In physics,* angular momentum*,

*, or*

**moment of momentum***is a measure of the amount of rotation an object has, taking into account its mass, shape and speed.*

**rotational momentum**Angular Momentum is what causes Matt Kowalski to float away in Gravity.

## DescriptionEdit

It is a vector quantity that represents the product of a body's rotational inertia and rotational velocity about a particular axis. The angular momentum of a system of particles (e.g. a rigid body) is the sum of angular momenta of the individual particles. For a rigid body rotating around an axis of symmetry (e.g. the blades of a ceiling fan), the angular momentum can be expressed as the product of the body's moment of inertia, I, (i.e., a measure of an object's resistance to changes in its rotation velocity) and its angular velocity ω:

\mathbf{L} = I \boldsymbol{\omega} \, . In this way, angular momentum is sometimes described as the rotational analog of linear momentum.

For the case of an object that is small compared with the radial distance to its axis of rotation, such as a tin can swinging from a long string or a planet orbiting in an ellipse around the Sun, the angular momentum can be expressed as its linear momentum, mv, crossed by its position from the origin, r. Thus, the angular momentum L of a particle with respect to some point of origin is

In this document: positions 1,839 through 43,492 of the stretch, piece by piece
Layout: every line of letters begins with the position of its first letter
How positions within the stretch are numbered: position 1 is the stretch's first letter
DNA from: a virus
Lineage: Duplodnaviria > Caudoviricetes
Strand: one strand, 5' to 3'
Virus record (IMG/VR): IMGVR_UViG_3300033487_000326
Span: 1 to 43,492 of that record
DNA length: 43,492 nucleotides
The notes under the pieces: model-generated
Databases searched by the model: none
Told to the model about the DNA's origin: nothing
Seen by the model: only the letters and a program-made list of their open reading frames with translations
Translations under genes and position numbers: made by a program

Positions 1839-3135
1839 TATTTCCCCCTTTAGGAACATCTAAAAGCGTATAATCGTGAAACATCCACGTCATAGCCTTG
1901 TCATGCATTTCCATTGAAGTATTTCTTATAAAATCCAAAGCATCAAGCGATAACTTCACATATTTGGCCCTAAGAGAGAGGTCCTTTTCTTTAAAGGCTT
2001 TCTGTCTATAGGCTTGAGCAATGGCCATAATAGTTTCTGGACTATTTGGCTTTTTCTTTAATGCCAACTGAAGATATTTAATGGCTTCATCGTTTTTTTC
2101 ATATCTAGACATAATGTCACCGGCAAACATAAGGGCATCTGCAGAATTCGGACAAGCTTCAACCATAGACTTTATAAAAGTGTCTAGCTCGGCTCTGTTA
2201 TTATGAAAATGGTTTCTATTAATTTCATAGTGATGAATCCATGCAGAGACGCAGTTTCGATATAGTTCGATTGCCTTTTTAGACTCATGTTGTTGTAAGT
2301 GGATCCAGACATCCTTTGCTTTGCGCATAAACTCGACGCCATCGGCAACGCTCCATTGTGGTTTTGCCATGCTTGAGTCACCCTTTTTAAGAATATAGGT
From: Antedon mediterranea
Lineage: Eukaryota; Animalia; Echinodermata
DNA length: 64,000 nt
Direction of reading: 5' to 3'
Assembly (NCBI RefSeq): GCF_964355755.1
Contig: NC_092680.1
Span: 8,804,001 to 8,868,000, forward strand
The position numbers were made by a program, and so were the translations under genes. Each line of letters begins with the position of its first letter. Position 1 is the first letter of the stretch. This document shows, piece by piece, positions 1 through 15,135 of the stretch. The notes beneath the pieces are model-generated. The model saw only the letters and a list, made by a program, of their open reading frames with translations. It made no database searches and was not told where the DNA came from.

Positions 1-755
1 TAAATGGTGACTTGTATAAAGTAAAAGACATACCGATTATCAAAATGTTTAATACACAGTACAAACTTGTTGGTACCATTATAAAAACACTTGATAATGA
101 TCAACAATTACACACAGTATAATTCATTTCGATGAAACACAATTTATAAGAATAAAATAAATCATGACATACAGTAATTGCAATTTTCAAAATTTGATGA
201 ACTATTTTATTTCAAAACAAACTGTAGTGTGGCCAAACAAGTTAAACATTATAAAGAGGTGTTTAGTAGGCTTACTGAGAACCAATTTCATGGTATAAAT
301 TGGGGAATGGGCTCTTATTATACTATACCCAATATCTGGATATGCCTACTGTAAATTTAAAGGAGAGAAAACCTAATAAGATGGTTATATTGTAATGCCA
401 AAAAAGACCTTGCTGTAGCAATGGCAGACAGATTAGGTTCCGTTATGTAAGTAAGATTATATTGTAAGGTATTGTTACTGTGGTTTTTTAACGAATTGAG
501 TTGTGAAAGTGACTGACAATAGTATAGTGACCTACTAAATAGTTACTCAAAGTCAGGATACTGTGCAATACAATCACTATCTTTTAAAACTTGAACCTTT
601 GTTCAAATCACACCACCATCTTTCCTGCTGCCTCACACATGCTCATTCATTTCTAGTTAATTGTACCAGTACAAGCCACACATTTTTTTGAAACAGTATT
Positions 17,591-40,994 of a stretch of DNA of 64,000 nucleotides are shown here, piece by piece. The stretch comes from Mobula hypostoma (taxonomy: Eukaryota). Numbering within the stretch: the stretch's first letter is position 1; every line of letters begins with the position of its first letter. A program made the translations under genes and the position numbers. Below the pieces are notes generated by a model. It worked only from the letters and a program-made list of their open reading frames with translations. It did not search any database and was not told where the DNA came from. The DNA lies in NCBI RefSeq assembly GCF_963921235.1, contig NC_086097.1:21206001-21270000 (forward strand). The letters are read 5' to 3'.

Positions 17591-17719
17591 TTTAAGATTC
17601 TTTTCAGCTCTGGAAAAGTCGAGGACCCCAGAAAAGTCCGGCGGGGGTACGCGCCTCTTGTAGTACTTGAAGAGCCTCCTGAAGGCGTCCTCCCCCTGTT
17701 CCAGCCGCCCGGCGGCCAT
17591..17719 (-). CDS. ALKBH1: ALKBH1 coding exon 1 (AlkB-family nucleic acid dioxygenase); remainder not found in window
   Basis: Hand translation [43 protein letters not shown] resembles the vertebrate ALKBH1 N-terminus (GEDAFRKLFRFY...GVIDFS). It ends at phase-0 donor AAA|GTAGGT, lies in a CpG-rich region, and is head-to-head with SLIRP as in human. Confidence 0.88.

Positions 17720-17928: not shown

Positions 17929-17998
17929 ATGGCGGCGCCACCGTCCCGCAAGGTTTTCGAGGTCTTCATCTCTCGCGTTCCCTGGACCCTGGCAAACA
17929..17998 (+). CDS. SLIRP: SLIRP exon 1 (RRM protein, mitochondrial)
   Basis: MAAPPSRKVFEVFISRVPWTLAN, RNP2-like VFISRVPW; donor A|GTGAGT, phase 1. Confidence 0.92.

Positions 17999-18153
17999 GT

\mathbf{L} = \mathbf{r} \times m\mathbf{v} \, . Angular momentum is conserved in a system where there is no net external torque, and its conservation helps explain many diverse phenomena. For example, the increase in rotational speed of a spinning figure skater as the skater's arms are contracted is a consequence of conservation of angular momentum. The very high rotational rates of neutron stars can also be explained in terms of angular momentum conservation. Moreover, angular momentum conservation has numerous applications in physics and engineering (e.g., the gyrocompass).